ties to the land

4

In southern France, in what is today called Provence, are the remains of culture which was surprisingly young. The no-mortar, single-floor and often single-room bories date to a culture that lived here in the 1600s or 1700s. Every inch of the fertile land below was needed to support the growing population. So the houses were built in clusters in hilltop villages. The small dry-stone bories are clear evidence that though Paris may have been the cultural capital of Europe in the 1700s, much of France remained tied to the land and what they themselves could produce. 

“Actually, Miss Tina [Knowles] contacted me about their initial concept of ‘Sorry’ from Lemonade,” Cox reveals. “They wanted to have all these powerful, empowered black women in the video and they wanted to have me and Viola [Davis] and Kerry [Washington].” 

 Unfortunately, the project came during a time when Cox was tied up filming her television film, but the celebrity athlete who landed the role was indeed “perfect.” 

 “I was shooting Rocky Horror Picture Show at the time and they were like, ‘Can you get the EP to shoot something and send it to us?’ and there was just no time to do it,” she says. “The concept changed. And could you imagine anyone else? I mean, there was Serena Williams like giving us full life.“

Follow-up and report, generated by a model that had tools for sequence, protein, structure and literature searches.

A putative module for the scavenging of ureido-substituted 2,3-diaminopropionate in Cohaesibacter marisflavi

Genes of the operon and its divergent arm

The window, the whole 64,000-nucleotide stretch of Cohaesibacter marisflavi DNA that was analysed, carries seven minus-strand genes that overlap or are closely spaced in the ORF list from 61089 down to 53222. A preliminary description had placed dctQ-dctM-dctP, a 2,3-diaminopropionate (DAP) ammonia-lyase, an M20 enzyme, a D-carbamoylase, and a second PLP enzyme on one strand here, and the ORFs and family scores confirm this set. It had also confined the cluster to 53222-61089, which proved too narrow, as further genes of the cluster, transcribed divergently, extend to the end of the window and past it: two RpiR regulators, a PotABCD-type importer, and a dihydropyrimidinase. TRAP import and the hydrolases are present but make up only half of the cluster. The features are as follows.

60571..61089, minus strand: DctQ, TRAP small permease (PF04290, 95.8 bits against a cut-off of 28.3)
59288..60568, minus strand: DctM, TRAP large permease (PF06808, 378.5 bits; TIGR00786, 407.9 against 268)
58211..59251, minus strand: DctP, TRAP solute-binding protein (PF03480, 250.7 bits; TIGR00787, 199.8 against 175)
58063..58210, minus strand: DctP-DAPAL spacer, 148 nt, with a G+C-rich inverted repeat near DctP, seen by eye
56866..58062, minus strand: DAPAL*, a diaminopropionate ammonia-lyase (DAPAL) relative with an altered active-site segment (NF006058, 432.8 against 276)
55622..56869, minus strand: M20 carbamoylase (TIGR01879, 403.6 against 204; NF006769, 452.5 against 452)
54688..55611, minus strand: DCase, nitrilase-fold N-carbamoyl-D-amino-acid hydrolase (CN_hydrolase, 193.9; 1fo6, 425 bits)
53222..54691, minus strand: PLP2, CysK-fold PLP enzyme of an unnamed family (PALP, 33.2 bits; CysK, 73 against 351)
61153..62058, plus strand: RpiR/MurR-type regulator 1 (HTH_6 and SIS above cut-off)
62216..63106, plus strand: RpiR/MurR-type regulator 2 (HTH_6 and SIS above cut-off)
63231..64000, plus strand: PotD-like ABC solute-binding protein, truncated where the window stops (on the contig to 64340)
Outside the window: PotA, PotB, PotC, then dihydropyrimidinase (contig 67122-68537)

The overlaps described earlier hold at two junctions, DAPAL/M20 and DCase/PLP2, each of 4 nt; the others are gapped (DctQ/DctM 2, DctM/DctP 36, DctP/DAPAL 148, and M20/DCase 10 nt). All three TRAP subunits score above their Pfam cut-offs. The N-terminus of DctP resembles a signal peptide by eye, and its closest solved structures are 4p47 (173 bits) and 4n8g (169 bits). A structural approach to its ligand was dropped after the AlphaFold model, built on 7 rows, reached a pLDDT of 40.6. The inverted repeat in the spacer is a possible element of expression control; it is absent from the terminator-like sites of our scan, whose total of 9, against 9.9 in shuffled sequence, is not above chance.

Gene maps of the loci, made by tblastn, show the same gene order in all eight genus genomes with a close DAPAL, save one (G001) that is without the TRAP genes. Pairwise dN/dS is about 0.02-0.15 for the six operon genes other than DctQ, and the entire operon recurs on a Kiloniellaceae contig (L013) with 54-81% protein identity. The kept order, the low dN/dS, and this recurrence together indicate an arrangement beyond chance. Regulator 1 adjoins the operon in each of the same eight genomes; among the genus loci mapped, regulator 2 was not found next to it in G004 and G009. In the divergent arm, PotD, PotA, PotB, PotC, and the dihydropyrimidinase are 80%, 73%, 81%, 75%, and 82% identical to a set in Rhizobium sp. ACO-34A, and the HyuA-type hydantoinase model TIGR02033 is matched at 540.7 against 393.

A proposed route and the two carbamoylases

-Laverne Cox on the original video treatment for "Sorry”

My county tis of thee
 racism and bigotry
 for thee i weep
 land where my brothers died
land where my sisters cried
 from every mountainside, let freedom fall.
my native country, thee
 how could we let this be? thy war be waged
 I cry for all of them
 I weep for all our sins
 My heart be heavy now, god save us all.
let outrage fill the streets
 let our pain drive our need, for liberty
 From out the ashes we
 Shall rise for victory
 forgive us all

8

and that one shall come to you garbed in raiment of blue, descending upon a field of gold…
             to forge anew our ties with the lost land.

“Ruling is hard. This was maybe my answer to Tolkien, whom, as much as I admire him, I do quibble with. Lord of the Rings had a very medieval philosophy: that if the king was a good man, the land would prosper. We look at real history and it’s not that simple. Tolkien can say that Aragorn became king and reigned for a hundred years, and he was wise and good. But Tolkien doesn’t ask the question: What was Aragorn’s tax policy? Did he maintain a standing army? What did he do in times of flood and famine? And what about all these orcs? By the end of the war, Sauron is gone but all of the orcs aren’t gone – they’re in the mountains. Did Aragorn pursue a policy of systematic genocide and kill them? Even the little baby orcs, in their little orc cradles?”